Why are we as Psych nurses seen as bottom of the barrel? - page 5
I'm just wondering because every time I tell someone that I quit my IVR job to go to children's psych they act appalled. I know it's different but I'm still a nurse. Even my family acts appalled.... Read More
Dec 7, '11 by BradRNI personally feel that when they say psych nurses are "the bottom of the barrell" they are referring to the diminished skills that we quickly lose after nursing school. Many hospitals will not even look at your resume if you havent had critical care experience in the past 5 years. I worked my butt off for years doing telemetry/CICU nursing and the pay was terrible. I've been a psych nurse for the State of Ohio for 8 months now and make more than I ever made running up and down the halls of a traditional hospital with no bathroom breaks and orders spilling out of the charts at all times of the day and night. I work no where near as hard as I did, there is a higher risk of harm where I work, but I'm willing to take that risk. I love being a psych nurse and I will never go back to tele/med-surg/ or CICU! In fact, prior to finding psych nursing I was on my way out of this profession until I found my love!
Dec 10, '11 by Meriwhen, ASN, BSN, RN Senior ModeratorQuote from BradRNAs my old DON used to tell me, "anyone can learn to put in a tube"...it was not meant as a negative jab against non-psych nurses, but rather as a reminder that should we want/need to, we can easily relearn or refresh these skills. After all, didn't we all learn to manage them once before as nursing students?I personally feel that when they say psych nurses are "the bottom of the barrell" they are referring to the diminished skills that we quickly lose after nursing school. Many hospitals will not even look at your resume if you havent had critical care experience in the past 5 years.
Quote from BradRNI always thought that EDs were far more dangerous than psych units. In psych we are in a secured unit that is locked, we know the histories of our patients (even if all we know is that a patient is unpredictable), patients have weapons and most dangerous articles removed from their possession during admission, visitation from outsiders is strictly controlled, all staff is trained in deescalation, restraint and breaking holds, and a code calls people running in from all over the facility, not just from one team or unit. And most patients know this too and aren't willing to push a lot of boundaries.I work no where near as hard as I did, there is a higher risk of harm where I work, but I'm willing to take that risk.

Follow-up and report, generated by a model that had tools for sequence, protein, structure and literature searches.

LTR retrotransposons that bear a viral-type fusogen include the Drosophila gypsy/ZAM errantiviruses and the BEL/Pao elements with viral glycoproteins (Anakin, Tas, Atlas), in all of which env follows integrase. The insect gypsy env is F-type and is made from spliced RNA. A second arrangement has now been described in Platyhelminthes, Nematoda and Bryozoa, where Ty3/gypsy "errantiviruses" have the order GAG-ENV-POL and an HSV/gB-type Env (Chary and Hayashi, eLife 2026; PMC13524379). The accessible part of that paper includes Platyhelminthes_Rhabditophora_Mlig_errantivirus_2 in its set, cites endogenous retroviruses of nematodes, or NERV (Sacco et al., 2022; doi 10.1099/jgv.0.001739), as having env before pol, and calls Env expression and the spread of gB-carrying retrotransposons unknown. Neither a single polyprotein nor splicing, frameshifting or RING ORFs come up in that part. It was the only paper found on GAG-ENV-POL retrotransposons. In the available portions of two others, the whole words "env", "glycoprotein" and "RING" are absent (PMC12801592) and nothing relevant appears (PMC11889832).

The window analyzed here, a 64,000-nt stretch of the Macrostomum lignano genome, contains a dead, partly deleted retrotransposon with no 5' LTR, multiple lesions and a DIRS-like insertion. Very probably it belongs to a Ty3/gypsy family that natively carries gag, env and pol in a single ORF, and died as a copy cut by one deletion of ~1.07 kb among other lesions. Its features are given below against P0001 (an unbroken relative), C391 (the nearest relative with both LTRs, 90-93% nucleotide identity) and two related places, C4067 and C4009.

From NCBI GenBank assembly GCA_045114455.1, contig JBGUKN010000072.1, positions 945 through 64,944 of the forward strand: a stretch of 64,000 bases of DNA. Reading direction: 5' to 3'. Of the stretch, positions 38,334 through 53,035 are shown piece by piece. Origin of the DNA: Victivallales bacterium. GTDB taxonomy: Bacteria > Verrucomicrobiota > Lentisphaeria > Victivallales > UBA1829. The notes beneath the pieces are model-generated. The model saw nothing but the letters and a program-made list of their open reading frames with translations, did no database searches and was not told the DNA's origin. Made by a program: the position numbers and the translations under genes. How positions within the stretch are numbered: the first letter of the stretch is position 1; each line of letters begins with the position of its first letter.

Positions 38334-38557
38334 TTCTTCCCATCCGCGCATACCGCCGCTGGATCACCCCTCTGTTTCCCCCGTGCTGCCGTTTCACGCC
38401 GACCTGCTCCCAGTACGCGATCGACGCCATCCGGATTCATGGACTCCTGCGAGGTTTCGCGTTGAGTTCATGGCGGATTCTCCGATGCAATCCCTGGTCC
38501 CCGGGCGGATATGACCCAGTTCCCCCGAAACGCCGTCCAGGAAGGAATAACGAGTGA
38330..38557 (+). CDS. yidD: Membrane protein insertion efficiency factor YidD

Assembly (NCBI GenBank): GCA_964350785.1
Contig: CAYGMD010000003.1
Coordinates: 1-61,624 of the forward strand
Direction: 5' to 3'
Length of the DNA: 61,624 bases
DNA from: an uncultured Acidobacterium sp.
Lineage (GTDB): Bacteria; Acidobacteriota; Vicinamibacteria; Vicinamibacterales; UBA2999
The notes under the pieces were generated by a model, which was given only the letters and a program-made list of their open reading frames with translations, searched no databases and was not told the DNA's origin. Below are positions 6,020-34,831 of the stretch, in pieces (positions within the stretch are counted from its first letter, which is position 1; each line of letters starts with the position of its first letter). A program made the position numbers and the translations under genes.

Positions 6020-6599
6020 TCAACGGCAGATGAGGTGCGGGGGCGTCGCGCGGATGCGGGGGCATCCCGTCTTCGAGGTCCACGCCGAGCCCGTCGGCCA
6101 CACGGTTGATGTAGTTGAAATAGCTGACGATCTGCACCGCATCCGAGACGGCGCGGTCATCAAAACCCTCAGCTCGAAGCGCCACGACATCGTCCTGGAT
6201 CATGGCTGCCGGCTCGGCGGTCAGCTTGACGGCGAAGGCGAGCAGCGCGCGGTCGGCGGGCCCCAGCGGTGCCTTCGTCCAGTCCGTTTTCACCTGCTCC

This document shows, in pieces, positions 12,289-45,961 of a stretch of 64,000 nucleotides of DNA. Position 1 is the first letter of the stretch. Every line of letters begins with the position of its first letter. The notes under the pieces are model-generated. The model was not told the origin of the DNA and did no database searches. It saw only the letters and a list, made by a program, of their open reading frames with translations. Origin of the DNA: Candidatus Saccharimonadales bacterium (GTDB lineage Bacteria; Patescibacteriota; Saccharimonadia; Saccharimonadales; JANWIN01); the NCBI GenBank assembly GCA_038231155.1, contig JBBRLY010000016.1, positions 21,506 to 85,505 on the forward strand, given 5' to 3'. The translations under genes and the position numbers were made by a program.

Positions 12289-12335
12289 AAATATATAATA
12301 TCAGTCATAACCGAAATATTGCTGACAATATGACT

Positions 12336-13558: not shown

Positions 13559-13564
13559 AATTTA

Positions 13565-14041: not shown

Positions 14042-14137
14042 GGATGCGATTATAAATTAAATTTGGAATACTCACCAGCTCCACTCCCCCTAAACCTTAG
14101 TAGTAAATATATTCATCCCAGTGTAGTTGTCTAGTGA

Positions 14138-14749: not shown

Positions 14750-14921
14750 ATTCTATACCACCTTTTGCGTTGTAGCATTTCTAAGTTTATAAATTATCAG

Whereas anyone can and usually does walk into a ED with minimal clearance and thinks nothing of exploding at the first staff member they see for any inane reason.
I also think we're safer than most hospital floors too...because we deal with abusive family members a lot less in psych. Got to love our limited visiting hours and conditions
Dec 11, '11 by Marshall1I don't know what IVR is...but...as far as bottom of the barrel..I have honestly never heard that re: psych nurses...only LTC and ALF nurses - which I do not agree with - but where I live, nurses who work LTC or ALF's are viewed as though they can't get a job elsewhere.....